JM:What year was that, do you remember?
DB:It was five years ago, 2010. We got the word somewhere in the late spring early summer so we had to design the jump according to the new regulations, fund it, or try to fund it anyway, and schedule the construction. The best part of the story was, and I was prepared to be the bad guy but I did not have to be which is great. My theory was if we hadn’t sorted out looking for money among the locals we could borrow some but we couldn’t borrow $750,000 which was the figure for our budget. We (meaning the whole team) were trying to find where money might found; we got requests. People said ok I’ll donate so much if it goes ahead. We were getting pledges. It turned out we had a meeting in early July at the jump site and we were going to decide whether we were going to build this jump and have the Junior Olympics or forget it! Everybody was enthusiastic about doing it. I somehow
remember that things like this do not always work out too well so I had a hidden agenda that if we did not have 50% of the money spoken for by that day, I was all set to be the bad guy. I did not say a word to anybody. This is the best part of the story. I did not want to prejudice the sponsors. Believe it or not, I think we had somewhere around $375,000 just over half, maybe $400,000 even. So I carefully didn’t say a word until now. I can tell these stories. I did not want to be the bad guy either, but I figured somebody had to be. I was ready for that. We would have just had the high speed part; I think we were going to solve that one way or another. It would have been a shame to make that decision.
JM:You did get the money. Was it all privately funded?
DB:We borrowed some too which we have been paying down. We got the Berkshire Taconic Foundation involved, but they were actually handling the donations for us. They did not donate much, but they handled the donations for tax deductions. The rest we borrowed from the Salisbury Bank. We are down to paying it all off in less than a year.
JM:According to Mat Kiefer (see file #3 cycle 2 Mathias Kiefer) there is about a year or a year and half left of the debt.
DB:So much a year, I don’t know the exact numbers. That is amazing because it was a substantial amount of money. It was not a gift. We are going to have a celebration; it is coming up this coming year. I think it is scheduled.
JM:When they actually started construction, how long did it take to do the building?
DB:Probably concrete and all that sort of stuff it started in December; it took some months. After the steel structure was put in which was all prefabricated and so it erected pretty fast and that is the nice part. Once we got into it, it was pretty simple; then you add the deck and the trail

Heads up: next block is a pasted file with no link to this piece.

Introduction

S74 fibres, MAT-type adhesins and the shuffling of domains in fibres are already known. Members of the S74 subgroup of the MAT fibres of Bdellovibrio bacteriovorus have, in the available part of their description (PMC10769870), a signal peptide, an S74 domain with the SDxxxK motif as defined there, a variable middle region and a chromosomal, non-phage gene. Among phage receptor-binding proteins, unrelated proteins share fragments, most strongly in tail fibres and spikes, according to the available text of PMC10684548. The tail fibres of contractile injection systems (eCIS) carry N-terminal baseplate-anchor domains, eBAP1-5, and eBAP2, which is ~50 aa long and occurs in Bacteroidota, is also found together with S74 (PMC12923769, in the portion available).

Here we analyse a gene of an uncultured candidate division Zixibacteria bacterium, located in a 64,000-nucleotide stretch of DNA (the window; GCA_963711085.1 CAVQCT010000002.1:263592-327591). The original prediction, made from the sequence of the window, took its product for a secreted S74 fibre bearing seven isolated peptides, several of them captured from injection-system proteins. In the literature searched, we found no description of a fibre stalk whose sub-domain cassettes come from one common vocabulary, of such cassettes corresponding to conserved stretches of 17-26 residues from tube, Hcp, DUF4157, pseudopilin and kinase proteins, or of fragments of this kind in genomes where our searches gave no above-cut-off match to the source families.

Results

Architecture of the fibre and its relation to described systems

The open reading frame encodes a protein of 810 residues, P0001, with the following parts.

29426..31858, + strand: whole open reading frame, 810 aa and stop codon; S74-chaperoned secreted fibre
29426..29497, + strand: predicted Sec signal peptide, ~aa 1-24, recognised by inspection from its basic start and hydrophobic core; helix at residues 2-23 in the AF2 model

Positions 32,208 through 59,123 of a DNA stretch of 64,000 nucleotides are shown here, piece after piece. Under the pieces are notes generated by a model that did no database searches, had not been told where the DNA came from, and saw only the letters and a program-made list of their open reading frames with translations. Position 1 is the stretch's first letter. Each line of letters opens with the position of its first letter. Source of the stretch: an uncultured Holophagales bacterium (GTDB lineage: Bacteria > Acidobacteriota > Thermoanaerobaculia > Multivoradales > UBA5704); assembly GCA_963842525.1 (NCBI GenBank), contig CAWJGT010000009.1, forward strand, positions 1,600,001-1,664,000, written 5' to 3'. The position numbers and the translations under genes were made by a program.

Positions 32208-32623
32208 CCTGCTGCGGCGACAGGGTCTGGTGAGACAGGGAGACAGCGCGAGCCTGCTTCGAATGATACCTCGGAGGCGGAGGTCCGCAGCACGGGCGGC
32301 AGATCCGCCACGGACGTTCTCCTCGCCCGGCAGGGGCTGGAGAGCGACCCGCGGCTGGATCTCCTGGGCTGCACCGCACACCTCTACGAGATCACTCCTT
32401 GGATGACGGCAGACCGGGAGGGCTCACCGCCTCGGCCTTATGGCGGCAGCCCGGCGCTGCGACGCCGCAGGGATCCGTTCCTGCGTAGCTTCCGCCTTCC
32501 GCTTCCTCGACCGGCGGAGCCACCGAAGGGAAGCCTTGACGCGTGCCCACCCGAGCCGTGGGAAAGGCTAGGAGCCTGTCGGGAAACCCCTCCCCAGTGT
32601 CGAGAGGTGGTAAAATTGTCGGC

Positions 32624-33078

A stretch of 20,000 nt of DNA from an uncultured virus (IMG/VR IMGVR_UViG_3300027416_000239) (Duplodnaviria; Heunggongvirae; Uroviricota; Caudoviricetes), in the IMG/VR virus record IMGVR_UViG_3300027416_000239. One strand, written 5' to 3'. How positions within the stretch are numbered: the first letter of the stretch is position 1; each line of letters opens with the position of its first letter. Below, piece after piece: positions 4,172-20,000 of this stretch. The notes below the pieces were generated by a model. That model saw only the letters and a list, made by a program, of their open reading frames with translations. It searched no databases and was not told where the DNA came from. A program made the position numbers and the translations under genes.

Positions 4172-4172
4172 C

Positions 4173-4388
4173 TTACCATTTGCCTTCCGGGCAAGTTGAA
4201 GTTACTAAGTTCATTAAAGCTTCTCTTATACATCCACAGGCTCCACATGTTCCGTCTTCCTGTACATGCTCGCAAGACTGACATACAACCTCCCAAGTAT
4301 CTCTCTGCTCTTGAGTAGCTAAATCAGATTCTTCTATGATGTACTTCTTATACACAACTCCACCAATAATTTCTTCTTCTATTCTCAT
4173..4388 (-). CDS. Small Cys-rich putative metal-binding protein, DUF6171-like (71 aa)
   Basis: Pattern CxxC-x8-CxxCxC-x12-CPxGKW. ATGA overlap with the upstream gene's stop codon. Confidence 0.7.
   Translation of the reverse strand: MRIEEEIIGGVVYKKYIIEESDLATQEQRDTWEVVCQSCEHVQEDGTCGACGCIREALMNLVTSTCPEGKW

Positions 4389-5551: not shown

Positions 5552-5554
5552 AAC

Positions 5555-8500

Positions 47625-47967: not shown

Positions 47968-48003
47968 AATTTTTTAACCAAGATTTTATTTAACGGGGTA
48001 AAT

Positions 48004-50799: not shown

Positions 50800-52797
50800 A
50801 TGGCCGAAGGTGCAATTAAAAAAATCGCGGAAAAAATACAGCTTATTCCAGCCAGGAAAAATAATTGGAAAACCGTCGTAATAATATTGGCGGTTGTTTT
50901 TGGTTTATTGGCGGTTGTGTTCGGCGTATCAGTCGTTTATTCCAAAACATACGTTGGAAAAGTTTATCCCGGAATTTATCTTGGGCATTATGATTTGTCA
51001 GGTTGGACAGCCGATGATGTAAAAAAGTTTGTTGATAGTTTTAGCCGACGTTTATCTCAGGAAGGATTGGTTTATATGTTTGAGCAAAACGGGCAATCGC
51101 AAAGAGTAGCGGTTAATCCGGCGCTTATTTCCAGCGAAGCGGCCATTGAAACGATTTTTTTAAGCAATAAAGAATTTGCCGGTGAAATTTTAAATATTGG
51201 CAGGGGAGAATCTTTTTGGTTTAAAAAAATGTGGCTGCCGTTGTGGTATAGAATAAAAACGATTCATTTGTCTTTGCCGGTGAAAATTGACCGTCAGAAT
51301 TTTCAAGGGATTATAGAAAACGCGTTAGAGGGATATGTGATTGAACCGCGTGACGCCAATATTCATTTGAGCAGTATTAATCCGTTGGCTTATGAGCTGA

JM:Who was the contractor? (Seth & Rafe Churchill Ed.)
DB:Churchill Builders which was great because they were new here at the time and trying to build their business. They were very good. They understood the schedule and they know schedules which was a great help. If you pick the wrong people you are not going to make it. We all know that. They were new but they had good credentials. I have to say they did a great job.
JM:Now tell me about the flagpole and the flag.
DB:To some degree it was not part of the jump design. The next thing I know it was roughed out. Both Churchill men worked together; the brother Rafe was the main guy and he and I ended up there trying to figure out where to put it and how to put it because it was a curved roof and normally it would have been on the side of the jump instead of the dead center. It did not have to be on the side but that was where it was before. Before a few hours were over we had designed it. I had already figures out that we needed a big flag so I went to the town hall which could get a big flag at nominal cost. He
worked nights to put it all together; next thing you know we had a flag pole, we put up the flag. The good news was that when we had discussed it and tried to figure out how to light it. Solar was far way then and it would have been a big round thing at the top and it would have looked like hell. We wanted to light it in the worst way, but it might have been more of a negative than a positive. Usually the hill is used in the daytime anyway. Now as of a month ago I found where you can buy exactly the lighting we want and hang it on the pole. It is a tiny little thing and we can get however many we need, but they are so inexpensive that I will buy a bunch of them. We can figure out how to install them. I am sure Rafe will be pleased to finish that chapter. Then the best part is that both night and day one can see the flag. It was a nuisance to take it down every night. Now it is permanent. You can leave it all year round if you want. It beats us the flag, but so what. We were lucky on that.
JM:You can always replace the flag. When you are actually doing the ski jumps, how many judges are there?
DB:I should know the answer but at least 5. It is an odd number, but 5 sounds right. It scores the distance is one thing which is half the total points.
JM:What is the other half?
DB:That is the form; how they look are they doing proper landing. It used to be based on the take –off too but now it is just air and landing. In my era they judged starting right from the top and how intense you looked.
JM:Were you very intense?